Wednesday, May 01, 2013

Why no Mizrahim on Israel's bank notes?

 Shaul Tchernichovsky features on Israel's new 50-shekel bill


Whoever chose to feature four Ashkenazi poets on Israel's new bank notes failed to show any sensitivity to Mizrahim, argues Dan Margalit in Israel Hayom (with thanks: Lily):

Four portraits will grace the new shekel bills to be printed soon -- all of them of poets: Nathan Alterman, Leah Goldberg, Shaul Tchernichovsky and Rachel the poetess. All four are worthy of being featured on the currency. 

But still there was a significant outcry, because all four are Ashkenazi. There is not a single Mizrachi poet among the lot. Jacob Turkel, the head of the committee that decided on the design of the new bills, remarked that this argument was antiquated, that its time has passed and that in this day and age, it is a negligible concern. It isn't of any interest to anyone. 

Turkel is right, but he is also wrong. If the criteria for appearing on the bills is being a poet from the time of the British Mandate in Palestine or Israel's early years, not only are the four poets worthy of being selected, during that time there nearly weren't any Mizrachim in Palestine/Israel, and the ones that were here didn't write poems. But someone with an iota of sensitivity would have established a different set of criteria in the first place, and enabled the committee to consider Shalom Shabazi of Yemen, or, as Prime Minister Benjamin Netanyahu suggested, Yehuda Halevy, whose poetry resounds around the world and whose longing for the Land of Israel and for Jerusalem is entirely consuming. ("Beautiful land, Delight of the world, City of Kings, My heart longs for you from the far-off west" and " Won’t you ask after, O Zion, the weal of your captives.")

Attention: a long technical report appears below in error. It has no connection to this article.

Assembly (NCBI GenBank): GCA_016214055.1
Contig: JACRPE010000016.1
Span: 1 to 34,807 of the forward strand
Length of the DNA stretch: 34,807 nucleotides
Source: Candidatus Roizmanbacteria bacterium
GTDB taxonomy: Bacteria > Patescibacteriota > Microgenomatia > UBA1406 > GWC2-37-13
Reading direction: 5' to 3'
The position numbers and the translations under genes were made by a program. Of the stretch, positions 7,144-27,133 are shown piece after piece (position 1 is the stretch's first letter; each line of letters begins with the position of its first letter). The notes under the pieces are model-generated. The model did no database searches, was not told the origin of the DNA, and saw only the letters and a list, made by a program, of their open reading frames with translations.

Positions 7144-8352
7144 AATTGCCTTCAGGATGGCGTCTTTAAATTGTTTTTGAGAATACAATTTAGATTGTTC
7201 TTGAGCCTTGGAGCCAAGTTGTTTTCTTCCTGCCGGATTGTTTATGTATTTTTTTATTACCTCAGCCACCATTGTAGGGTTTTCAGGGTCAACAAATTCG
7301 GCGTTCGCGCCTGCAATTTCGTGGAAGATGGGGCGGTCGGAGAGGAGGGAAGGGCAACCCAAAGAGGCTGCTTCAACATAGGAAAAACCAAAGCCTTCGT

No one set out to put Ashkenazim ahead of Mizrachim, or to willfully discriminate, but someone -- and each time it is a different someone -- failed to show the required sensitivity toward the various sectors of Israeli society. The criticism is warranted, and it is wrong to reject it outright. After all, if the committee had selected four male poets -- perhaps Avraham Shlonsky and Yehuda Amichai instead of Leah Goldberg and Rachel the poetess -- the inevitable outcry from the women's groups would have been entirely understandable. So the women's complaint would have been legitimate but the Mizrachim's isn't? Why? 

No comments: